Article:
China plans to recruit dozens of experts and professionals who specialize in anti-graft studies from G20 member countries to help curb cross-border corruption, according to a Beijing-based G20 research center.
"We'll invite them as visiting scholars to work in the center for several months conducting joint research on transnational corruption crime, including how to hunt down fugitives and confiscate illicit assets," said Huang Feng, director of the Research Center on Cooperation Regarding Persons Sought for Corruption and Asset Recovery in G20 Member States. He spoke to China Daily on Wednesday.
Huang said Chinese and foreign experts will "share academic achievements and compare domestic and foreign laws and legal procedures for confiscation of illegal assets, extradition and judicial assistance, as well as analyzing some typical cases" to help solve practical problems.
The center, based at Beijing Normal University, was set up in September as one of the achievements of the G20 Summit in Hangzhou.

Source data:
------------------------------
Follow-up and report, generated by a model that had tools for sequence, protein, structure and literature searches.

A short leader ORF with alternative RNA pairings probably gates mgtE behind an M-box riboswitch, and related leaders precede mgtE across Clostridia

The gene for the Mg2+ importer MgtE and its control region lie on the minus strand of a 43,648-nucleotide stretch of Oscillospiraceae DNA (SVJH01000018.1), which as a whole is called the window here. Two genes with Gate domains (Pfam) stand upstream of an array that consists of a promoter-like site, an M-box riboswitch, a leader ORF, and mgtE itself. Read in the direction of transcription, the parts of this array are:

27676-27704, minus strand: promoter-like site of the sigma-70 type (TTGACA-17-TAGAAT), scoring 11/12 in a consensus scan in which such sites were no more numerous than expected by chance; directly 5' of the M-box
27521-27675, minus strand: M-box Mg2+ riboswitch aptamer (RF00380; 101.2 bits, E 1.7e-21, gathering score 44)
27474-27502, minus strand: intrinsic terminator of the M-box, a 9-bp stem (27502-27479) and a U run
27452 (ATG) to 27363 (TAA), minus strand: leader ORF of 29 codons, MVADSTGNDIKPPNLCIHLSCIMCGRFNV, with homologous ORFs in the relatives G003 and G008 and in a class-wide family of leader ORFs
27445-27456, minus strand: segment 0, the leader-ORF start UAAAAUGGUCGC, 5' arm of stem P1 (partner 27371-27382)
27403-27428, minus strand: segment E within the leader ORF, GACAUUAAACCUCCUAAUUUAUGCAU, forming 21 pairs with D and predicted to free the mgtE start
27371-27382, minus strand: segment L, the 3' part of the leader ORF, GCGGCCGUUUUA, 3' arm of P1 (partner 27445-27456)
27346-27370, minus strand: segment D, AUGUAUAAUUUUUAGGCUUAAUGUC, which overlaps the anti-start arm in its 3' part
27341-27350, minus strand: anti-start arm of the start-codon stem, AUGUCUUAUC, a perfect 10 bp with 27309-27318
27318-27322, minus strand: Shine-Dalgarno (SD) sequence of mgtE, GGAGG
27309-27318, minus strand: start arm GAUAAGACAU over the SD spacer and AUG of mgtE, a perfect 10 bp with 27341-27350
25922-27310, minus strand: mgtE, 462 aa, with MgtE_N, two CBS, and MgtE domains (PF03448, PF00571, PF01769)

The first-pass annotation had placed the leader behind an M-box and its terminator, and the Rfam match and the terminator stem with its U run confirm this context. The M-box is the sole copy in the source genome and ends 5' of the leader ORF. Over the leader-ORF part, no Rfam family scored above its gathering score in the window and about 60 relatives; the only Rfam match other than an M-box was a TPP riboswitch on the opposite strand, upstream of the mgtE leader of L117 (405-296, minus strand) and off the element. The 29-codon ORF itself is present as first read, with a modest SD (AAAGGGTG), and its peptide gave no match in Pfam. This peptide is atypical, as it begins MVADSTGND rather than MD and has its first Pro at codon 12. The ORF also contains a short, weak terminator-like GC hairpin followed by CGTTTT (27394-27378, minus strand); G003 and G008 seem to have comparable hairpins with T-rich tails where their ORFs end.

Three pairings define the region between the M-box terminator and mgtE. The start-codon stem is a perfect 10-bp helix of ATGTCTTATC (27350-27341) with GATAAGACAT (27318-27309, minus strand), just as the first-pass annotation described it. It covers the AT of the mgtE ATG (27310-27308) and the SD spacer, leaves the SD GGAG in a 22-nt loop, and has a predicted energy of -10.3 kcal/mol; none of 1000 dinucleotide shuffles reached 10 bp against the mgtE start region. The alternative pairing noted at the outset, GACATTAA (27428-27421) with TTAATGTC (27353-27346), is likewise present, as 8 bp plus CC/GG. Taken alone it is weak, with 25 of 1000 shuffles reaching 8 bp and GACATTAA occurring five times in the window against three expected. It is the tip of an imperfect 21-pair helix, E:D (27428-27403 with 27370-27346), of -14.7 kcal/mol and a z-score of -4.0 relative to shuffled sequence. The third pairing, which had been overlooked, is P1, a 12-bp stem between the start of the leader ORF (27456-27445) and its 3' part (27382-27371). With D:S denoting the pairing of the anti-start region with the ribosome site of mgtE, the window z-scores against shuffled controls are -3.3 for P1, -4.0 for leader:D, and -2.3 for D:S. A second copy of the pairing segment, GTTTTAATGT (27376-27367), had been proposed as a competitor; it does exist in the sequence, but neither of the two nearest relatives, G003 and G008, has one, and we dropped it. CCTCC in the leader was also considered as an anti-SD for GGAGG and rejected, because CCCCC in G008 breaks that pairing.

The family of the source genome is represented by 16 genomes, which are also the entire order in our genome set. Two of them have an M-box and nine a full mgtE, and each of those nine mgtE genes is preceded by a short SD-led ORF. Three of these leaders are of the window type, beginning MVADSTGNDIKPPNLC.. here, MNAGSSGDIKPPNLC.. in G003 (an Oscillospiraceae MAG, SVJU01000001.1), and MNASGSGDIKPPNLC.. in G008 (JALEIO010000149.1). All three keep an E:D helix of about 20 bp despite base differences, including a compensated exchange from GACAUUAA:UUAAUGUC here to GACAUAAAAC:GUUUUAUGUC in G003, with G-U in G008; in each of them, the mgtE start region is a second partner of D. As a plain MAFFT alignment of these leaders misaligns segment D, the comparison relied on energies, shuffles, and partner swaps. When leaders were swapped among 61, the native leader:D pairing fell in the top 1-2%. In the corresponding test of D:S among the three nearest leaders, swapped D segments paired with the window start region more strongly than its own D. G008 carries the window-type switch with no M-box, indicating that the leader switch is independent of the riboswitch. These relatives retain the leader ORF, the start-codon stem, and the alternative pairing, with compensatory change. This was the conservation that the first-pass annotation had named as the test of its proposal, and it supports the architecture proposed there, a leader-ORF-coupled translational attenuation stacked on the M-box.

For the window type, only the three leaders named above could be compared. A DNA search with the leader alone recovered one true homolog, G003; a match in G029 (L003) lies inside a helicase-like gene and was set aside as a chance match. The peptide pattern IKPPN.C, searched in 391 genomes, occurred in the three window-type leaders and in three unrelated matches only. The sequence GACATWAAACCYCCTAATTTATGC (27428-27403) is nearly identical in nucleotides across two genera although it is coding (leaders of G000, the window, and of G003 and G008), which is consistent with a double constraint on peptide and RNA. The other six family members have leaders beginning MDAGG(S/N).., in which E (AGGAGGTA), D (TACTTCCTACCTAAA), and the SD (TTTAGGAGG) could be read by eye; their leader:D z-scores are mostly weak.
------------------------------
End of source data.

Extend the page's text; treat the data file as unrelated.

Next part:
In Hangzhou, G20 members agreed to back the anti-corruption campaign and refuse safe haven for corrupt officials. They also passed the G20 Anti-Corruption Action Plan 2017-18.
Huang said that the center has set up a database, including 30 Chinese experts from judicial authorities and universities and 30 foreign experts from over 10 countries, including the United States and Australia. They will provide intelligence support in the hunt for fugitives and funds confiscation.
The center has drafted a research report on developments in cross-border commercial bribery cases, which was provided to the Central Commission for Discipline Inspection, China's top graft buster, and other officials, Huang said. It also provided a research report on Chinese immigration and oversight loopholes, which should help anti-draft officers deter suspects from fleeing and sending funds abroad.
A number of Chinese corrupt fugitives have fled overseas, particularly to developed countries such as the US, Canada and Australia, to avoid justice due to a lack of extradition treaties and differences in laws. Many sent millions of yuan in illegal funds to foreign accounts through money laundering and underground banks.
Since 2014, China has used its Skynet program to target the fugitives. More than 2,800 economic fugitives have returned to face trial from over 70 countries and regions.